Moscow/New Delhi/Beijing, July 4 (EFE).- Russian President Vladimir Putin thanked global leaders at a Shanghai Cooperation Organisation meeting on Tuesday for their support after he faced an armed rebellion by the Wagner paramilitary group last month.
Russian President Vladimir Putin Tuesday thanked world leaders at the Shanghai Cooperation Organization summit for their support after
Indian Prime Minister Narendra Modi hosted the online SCO summit, marking the first international address by Putin since the failed coup on June 23.
As per several observers, the coup attempt exposed vulnerabilities within Putin’s regime.
“I would like to take this opportunity to thank my colleagues from the SCO countries who expressed support for the actions of the Russian leadership to protect the constitutional order life and safety of citizens. We highly appreciate it,” Putin told leaders taking part in the Eurasian virtual meeting, according to Russia’s Interfax news agency.
“The Russian people are more consolidated than ever. The Russian political circles and the whole of society clearly demonstrated the solidarity and high responsibility for the fate of the fatherland by speaking out as a united front against the attempted armed rebellion.”
Putin warned that a hybrid war was being waged against Russia, but said Moscow was successfully coping with pressures from abroad and stressed that the Kremlin would counter all sanctions and provocations.
During his speech, Putin welcomed Iran’s accession as a full member of the SCO and congratulated Iranian President Ebrahim Raisi after India’s Modi announced the bloc’s latest addition.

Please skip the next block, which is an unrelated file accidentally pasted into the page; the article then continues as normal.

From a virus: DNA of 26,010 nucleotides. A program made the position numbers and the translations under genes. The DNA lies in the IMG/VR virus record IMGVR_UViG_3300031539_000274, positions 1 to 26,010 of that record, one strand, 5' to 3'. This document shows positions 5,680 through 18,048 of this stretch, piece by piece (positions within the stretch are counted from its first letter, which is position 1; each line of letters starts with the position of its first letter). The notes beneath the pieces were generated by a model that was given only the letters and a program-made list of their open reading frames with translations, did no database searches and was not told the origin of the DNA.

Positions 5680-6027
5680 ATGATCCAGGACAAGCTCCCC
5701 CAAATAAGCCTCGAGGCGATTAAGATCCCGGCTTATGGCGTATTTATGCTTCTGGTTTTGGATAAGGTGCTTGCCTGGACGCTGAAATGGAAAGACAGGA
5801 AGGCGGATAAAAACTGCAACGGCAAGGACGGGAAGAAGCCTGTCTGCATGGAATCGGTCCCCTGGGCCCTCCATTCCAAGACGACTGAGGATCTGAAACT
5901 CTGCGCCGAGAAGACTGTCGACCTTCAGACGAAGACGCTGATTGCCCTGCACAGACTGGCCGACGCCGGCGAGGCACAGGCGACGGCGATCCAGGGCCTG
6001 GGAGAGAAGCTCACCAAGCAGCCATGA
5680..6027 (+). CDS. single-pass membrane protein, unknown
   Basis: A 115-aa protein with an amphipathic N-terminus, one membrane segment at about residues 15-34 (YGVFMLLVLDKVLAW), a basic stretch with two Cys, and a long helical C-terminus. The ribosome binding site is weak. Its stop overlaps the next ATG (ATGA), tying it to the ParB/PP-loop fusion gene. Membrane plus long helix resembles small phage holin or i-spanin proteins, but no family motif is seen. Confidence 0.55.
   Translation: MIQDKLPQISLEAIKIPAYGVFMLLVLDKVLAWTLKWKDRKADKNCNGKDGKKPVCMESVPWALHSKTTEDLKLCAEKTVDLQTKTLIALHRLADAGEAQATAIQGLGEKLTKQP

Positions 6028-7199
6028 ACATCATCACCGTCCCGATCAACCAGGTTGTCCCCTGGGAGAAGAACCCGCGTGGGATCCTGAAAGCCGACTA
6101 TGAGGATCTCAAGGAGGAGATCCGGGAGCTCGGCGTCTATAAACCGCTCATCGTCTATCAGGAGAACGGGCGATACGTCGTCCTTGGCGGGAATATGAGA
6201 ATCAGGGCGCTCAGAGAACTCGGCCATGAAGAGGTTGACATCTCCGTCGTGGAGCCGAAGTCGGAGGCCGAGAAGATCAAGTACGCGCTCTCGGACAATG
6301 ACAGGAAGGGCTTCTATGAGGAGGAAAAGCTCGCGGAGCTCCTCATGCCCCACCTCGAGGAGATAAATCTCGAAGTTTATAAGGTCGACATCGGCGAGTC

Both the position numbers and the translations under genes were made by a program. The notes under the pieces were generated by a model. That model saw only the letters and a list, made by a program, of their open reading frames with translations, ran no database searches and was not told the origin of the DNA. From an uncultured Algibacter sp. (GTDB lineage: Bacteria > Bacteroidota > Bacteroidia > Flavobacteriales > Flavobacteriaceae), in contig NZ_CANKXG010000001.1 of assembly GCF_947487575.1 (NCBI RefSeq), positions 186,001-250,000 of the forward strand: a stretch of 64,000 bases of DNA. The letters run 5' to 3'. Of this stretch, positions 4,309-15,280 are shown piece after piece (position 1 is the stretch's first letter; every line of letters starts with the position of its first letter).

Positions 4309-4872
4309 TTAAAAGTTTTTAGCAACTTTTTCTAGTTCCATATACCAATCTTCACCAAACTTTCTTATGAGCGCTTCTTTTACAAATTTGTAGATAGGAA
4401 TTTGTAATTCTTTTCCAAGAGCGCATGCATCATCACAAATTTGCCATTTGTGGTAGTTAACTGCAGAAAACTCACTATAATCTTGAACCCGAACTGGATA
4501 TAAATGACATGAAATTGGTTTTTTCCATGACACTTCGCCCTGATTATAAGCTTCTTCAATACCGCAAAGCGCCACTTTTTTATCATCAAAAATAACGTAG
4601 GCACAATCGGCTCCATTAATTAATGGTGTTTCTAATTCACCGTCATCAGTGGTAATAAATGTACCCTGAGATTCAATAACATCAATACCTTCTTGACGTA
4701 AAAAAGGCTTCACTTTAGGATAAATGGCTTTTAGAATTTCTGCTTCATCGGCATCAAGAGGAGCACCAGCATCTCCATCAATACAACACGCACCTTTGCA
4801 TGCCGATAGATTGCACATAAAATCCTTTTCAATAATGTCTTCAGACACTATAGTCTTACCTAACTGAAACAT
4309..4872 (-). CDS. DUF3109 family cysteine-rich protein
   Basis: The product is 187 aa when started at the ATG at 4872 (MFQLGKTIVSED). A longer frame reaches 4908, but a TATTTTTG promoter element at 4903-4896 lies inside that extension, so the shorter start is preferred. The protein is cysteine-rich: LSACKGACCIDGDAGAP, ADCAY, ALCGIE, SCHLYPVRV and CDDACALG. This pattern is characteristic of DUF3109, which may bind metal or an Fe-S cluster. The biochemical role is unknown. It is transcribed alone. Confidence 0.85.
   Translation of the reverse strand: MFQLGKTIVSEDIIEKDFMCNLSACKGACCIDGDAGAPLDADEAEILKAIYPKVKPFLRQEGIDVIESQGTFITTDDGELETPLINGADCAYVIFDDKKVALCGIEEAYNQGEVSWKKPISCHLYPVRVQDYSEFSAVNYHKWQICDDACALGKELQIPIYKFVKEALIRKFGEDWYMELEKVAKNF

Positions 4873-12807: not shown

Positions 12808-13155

“New countries joining the group underlines the importance of the group,” Modi said as he launched the virtual summit. “The SCO can become an important voice in reforming other global institutions, including the United Nations.”
He said over past two decades, the SCO had become an “important platform for peace, prosperity, and development across the Eurasian region.”
The Indian leader warned that some countries were using cross-border terrorism and harboring terrorists, apparently directed at Pakistan’s Prime Minister Shehbaz Sharif, who was also in attendance.
“The SCO should not hesitate to criticize such countries. The SCO should condemn terrorism. There is a need for decisive action to deal with it.”
During the last Eurasian summit held in the coastal Indian city of Goa in May, the foreign ministers of the South Asian neighbors refused to hold bilateral talks, with Indian Foreign Minister Subrahmanyam Jaishankar accusing his Pakistani counterpart Bilawal Bhutto Zardari of being “a spokesperson of a terrorism industry.”
Chinese President Xi Jinping, meanwhile, called on SCO members to focus on “pragmatic cooperation to speed up economic recovery” and urged nations to reject the “building barriers and walls” and “de-coupling,” according to Chinese state media.
Xi said Beijing sought to work with member states to implement the so-called Global Development Initiative, China’s latest strategy for global peace and security.
Xi urged SCO countries to rally together “in the right direction of economic globalization” by rejecting “protectionism, unilateral sanctions, and overstretching the national security concept,” according to Xinhua news agency.
The Chinese president called on leaders to “oppose hegemonism and power politics” and work towards “making the system of global governance fairer and more equitable.”
He urged nations to promote the modernization of societies through concerted efforts to “advance equal rights, equal opportunities, and fair rules for all.”
Established in 2001, the SCO focuses on regional security, the fight against terrorism in the region, ethnic separatism and religious extremism.
Apart from the nine member states – China, India, Iran, Kazakhstan, Kyrgyzstan, Russia, Pakistan, Tajikistan and Uzbekistan – the bloc currently has three observers – Afghanistan, Belarus and Mongolia – and six dialogue partners – Armenia, Azerbaijan, Cambodia, Nepal, Sri Lanka, and Turkey. EFE